Restricted taste of cigarettes significantly reduced in young, young adults: study

Restricted taste of cigarettes significantly reduced in young, young adults: study

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Washington DC: New research led by George Mason University’s College of Health and Human Services has found that banning cigarette flavor has led to a significant reduction in smoking among youth and young adults.
Some of the earlier research has highlighted the fact that scented cigarettes appeal extensively and are used by smokers in small amounts.
According to the US Department of Health and Human Services, approximately 90 percent of smokers start smoking by the age of 18. To reduce long-term health outcomes and improve public health, preventing the onset of smoking is important as reducing the draw of flavored tobacco products.
On September 22, 2009, the US Food and Drug Administration’s national ban on flavored cigarette products went into effect. It banned the sale of flavored cigarettes other than menthol, but little was known about the potential impact of this ban on youth smoking.
Assistant Professor of Global and Community Health Dr. Matthew Rossheim led the study published in the Journal of Adolescent Health. Researchers found that the ban on cigarette flavor decreased the percentage of young people (ages 12–17) by 43 percent and in young adults (ages 18–25) by 27 percent.
“Our study suggests that the ban of scented cigarettes was highly effective in reducing smoking in young people,” Rossheim explains.
“This shows incredible promise for future broad restrictions on flavored tobacco products, including those in e-cigarettes that have received significant leeway to date. Policymakers should focus on the evidence from this study and other tobacco flavors Legislation should be passed to expand the ban. And nicotine products, “added Rossheim.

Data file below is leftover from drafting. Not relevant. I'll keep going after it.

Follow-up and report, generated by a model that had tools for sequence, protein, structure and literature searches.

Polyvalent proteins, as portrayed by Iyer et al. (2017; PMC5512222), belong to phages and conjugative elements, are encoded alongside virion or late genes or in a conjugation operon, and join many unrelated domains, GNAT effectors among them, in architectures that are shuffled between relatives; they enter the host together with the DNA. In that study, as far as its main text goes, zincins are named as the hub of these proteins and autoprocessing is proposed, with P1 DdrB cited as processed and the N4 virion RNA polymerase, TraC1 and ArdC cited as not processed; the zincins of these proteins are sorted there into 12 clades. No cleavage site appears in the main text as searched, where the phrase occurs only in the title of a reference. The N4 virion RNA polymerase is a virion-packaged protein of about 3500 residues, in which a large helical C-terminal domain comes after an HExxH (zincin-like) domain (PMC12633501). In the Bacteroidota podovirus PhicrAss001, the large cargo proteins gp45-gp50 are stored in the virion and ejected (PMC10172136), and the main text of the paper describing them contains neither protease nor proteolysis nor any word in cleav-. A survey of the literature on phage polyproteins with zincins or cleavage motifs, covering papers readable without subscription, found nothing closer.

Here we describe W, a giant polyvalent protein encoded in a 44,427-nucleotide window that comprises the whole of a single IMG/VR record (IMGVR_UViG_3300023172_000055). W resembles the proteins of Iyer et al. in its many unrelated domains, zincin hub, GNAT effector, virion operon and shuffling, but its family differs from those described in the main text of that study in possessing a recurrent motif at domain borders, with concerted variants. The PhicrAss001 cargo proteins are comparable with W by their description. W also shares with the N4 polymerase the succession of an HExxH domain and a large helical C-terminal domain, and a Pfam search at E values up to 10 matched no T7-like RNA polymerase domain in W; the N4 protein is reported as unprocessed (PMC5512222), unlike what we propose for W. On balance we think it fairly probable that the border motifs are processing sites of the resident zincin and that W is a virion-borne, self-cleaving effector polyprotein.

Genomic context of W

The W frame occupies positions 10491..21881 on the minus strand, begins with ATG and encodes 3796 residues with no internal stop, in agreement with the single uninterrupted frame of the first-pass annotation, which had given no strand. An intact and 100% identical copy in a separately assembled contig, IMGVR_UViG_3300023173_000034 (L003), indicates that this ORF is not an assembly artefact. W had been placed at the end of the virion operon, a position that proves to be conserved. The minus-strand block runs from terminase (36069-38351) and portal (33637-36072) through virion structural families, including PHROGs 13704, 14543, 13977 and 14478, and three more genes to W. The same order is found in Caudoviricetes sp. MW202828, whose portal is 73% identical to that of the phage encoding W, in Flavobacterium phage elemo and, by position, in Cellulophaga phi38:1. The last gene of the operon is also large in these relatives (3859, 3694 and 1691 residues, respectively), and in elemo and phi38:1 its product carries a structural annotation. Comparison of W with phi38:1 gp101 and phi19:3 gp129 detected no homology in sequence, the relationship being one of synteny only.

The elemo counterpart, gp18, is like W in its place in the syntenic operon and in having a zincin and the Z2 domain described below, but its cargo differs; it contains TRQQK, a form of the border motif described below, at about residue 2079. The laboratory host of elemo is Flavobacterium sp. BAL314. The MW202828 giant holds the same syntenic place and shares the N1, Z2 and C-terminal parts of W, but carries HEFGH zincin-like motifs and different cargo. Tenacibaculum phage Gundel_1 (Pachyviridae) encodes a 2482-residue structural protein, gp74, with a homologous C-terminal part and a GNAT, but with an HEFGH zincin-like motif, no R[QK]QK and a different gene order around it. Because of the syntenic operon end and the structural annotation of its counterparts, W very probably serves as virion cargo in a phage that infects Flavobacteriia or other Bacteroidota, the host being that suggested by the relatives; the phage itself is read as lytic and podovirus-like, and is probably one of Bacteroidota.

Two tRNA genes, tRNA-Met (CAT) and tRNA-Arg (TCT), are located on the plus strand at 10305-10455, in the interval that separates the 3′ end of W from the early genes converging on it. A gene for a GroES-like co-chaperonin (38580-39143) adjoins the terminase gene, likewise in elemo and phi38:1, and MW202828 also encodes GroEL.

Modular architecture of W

Rosim and colleagues from the 2002–2017 National Survey on Drug Use and Health data examined cigarette use among young people and adults. This included nationally representative data collected each quarter each year, which provides a more sensitive measure to detect changes in smoking behavior than previous research, plus an adult comparison group to test it Other factors may be whether there is an overall reduction in smoking.
Rossheim and his colleagues did not observe a similar reduction in smoking among older smokers, suggesting that this ban was particularly effective in reducing smoking among younger people and that this reduction was caused by the ban and other effects. Not from
“We noticed that menthol cigarette smoking increased in youth after the ban was implemented. It appears that young menthol cigarettes drink more when other flavor options are not available,” Rossim said.
The menthol flavor was excluded from the 2009 ban. Earlier research has also shown that menthol-flavored tobacco products are used by African Americans, which may explain health disparities.
Rosim and co-workers suggest that in order to maximize their effectiveness among young people and to avoid increasing health disparities among African Americans, taste restrictions should include all flavors and tobacco products.


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